Hip and knee replacements are among the most reliable and effective surgeries performed today. Patients with arthritis can expect excellent pain relief with a low risk of complications. Most current hip and knee replacement systems have proven track records of longer than 10 years. When an experienced surgeon uses a proven implant with standard surgical techniques, at least 80 percent of implants will last more than 20 years.
The past 10 years have seen many changes in implant design and surgical techniques. These changes have been introduced in an effort to improve issues such as recovery time and implant durability. Few of these changes have actually led to improved results. Some of the changes have created significant new problems.
When considering new technology, surgeons adopt new techniques and implants at different rates and for different reasons. Patients should get involved in the decision to use new technology by asking questions. They should ask how long the technique has been available and what the track record is; what problem the surgeon is addressing with the new technique and if any other problems might be created. Most importantly, patients should ask their surgeon about his level of training and his experience level with any new technique.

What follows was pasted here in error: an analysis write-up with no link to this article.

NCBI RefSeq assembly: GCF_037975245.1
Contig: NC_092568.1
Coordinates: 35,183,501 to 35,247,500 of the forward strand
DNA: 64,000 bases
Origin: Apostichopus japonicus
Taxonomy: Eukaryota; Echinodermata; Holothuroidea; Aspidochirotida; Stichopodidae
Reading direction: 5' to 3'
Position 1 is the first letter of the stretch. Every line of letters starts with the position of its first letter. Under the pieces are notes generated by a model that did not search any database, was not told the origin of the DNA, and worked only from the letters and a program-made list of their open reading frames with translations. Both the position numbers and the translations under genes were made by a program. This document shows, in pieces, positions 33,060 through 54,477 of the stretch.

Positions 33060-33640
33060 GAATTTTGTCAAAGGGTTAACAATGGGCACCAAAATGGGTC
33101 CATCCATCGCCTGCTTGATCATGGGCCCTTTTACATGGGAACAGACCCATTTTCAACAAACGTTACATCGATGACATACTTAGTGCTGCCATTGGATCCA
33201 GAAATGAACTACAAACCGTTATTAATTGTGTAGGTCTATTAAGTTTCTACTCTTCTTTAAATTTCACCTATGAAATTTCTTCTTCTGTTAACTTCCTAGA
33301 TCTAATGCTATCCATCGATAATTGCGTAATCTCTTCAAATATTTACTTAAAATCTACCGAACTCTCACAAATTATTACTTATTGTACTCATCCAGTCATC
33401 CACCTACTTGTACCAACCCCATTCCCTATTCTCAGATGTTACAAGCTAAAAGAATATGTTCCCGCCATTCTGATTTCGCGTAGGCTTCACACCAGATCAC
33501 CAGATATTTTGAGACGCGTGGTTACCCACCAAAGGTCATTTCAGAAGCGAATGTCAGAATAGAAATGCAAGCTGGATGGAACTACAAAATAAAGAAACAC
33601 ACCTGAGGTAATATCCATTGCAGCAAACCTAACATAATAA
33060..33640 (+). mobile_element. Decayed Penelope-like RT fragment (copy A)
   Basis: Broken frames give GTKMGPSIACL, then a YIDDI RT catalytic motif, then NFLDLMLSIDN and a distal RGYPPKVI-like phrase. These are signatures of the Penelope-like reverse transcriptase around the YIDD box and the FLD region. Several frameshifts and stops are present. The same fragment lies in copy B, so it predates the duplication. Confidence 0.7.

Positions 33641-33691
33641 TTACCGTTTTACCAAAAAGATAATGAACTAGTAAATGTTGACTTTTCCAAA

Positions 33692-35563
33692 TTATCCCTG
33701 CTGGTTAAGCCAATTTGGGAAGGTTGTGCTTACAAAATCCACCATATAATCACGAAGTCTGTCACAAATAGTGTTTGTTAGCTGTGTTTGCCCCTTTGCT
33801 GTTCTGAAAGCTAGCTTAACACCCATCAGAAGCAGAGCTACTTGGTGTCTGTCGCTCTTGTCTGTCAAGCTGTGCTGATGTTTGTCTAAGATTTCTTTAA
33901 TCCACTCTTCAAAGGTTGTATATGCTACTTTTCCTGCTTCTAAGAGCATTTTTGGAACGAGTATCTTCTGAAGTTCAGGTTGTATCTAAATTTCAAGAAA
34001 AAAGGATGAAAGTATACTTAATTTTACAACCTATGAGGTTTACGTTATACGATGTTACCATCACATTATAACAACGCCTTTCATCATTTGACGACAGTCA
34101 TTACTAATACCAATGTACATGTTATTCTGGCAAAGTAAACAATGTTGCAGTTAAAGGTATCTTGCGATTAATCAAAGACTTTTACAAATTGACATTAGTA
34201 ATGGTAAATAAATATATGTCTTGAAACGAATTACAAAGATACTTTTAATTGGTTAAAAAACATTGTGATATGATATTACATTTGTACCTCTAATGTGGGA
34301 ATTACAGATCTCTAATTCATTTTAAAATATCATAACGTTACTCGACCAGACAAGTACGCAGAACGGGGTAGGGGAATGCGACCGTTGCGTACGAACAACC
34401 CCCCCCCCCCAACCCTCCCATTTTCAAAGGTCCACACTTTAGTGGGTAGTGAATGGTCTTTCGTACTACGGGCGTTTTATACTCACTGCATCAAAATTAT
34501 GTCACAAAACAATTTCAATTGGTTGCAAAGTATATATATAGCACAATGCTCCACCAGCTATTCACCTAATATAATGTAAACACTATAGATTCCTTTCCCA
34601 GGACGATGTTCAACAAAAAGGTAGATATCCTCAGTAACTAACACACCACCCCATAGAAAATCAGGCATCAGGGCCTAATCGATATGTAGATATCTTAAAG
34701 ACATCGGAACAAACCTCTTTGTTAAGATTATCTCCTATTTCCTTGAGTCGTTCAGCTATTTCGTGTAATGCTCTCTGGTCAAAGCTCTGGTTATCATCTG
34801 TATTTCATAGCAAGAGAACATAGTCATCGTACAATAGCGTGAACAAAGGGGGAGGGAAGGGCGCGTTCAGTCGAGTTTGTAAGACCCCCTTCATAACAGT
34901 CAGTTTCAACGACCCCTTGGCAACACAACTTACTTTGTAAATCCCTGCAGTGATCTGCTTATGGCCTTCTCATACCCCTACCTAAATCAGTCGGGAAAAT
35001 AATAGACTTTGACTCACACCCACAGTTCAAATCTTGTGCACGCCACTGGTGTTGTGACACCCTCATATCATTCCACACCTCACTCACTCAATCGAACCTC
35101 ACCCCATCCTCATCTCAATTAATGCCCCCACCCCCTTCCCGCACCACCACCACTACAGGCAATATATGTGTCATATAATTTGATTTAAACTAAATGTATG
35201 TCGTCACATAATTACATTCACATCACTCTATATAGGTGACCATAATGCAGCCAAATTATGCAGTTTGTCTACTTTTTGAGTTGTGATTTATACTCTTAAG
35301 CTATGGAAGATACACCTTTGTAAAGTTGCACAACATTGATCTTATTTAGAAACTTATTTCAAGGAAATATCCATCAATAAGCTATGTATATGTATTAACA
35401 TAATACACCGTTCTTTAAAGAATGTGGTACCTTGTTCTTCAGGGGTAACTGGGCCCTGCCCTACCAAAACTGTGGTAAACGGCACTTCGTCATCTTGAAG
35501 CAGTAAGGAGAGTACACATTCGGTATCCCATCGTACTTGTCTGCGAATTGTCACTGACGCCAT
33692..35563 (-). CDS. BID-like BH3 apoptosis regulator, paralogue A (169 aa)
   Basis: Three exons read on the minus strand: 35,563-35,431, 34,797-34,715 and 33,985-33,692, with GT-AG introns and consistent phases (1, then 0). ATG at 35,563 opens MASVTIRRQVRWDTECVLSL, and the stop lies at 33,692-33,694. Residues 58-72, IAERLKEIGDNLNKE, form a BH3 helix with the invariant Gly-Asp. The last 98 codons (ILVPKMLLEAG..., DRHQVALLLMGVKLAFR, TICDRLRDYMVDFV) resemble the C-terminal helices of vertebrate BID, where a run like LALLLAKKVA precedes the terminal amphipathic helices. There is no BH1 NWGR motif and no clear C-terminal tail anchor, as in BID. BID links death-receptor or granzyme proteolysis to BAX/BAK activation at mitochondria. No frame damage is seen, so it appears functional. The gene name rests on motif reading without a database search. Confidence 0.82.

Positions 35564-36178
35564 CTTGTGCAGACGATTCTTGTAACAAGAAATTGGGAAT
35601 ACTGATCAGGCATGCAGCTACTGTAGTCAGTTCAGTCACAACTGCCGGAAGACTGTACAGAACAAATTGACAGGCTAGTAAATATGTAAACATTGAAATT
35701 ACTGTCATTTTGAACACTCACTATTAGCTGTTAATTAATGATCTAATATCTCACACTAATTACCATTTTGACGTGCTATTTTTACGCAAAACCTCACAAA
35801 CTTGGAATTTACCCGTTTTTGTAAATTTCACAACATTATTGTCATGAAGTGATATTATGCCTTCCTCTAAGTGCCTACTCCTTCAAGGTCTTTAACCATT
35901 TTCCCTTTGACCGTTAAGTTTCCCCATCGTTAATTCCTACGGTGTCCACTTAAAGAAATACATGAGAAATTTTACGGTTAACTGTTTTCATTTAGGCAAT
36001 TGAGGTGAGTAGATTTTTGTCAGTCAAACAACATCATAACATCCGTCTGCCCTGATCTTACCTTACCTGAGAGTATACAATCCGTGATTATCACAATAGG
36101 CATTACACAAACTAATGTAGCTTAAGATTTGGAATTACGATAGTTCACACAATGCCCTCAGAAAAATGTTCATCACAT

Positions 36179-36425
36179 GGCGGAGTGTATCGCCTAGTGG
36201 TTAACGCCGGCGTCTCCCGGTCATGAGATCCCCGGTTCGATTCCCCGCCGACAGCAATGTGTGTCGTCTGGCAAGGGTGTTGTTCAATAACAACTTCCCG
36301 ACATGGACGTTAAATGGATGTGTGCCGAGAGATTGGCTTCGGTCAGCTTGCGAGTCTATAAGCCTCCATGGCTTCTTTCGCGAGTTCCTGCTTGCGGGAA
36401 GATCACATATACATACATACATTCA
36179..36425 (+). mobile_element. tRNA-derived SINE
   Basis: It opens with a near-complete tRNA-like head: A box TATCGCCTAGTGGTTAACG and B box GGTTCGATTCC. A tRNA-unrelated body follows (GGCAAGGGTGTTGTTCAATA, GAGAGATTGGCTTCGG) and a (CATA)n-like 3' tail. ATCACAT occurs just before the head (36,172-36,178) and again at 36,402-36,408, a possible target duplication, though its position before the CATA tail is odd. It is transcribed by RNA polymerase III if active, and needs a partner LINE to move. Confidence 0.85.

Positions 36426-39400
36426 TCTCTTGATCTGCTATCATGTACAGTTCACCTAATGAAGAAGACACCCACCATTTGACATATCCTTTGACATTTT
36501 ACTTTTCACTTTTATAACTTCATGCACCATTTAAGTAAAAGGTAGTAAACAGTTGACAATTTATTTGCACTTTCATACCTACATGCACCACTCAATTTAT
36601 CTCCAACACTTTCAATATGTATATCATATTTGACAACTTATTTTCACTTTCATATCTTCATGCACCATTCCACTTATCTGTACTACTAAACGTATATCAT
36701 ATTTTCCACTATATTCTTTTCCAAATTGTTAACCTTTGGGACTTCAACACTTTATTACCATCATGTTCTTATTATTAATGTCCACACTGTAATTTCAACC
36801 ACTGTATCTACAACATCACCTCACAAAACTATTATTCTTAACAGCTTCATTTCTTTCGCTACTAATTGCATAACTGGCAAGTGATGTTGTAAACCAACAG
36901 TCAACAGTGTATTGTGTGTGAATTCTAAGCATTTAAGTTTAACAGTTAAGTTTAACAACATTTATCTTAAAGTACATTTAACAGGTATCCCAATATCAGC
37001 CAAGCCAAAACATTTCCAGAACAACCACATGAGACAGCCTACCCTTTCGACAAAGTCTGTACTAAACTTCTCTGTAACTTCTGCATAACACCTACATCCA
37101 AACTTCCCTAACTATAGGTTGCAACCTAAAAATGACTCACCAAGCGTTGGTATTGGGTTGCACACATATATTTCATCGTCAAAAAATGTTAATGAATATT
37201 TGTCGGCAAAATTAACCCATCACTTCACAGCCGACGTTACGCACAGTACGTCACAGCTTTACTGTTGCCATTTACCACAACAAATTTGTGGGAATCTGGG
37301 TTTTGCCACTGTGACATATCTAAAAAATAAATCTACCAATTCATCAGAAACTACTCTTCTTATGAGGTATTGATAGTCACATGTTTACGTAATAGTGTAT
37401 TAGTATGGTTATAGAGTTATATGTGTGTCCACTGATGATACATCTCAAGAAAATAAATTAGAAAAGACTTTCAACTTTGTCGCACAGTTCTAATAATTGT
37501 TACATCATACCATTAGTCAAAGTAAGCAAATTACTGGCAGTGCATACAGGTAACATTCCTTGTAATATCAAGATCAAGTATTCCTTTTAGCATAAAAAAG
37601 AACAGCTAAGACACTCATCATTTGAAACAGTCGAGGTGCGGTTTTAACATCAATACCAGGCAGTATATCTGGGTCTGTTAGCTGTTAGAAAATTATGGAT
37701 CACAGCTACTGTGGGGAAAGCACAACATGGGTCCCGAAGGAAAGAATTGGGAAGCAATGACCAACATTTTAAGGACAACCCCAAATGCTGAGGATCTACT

It is not always reasonable to assume that new is better. Patients should become educated consumers and ask questions. An implant with an established track record in the hands of an experienced surgeon is the best bet when the goal is pain relief, return to function, and long-term durability.
Explore further: License plate decals don't seem to curb learner driver crash rates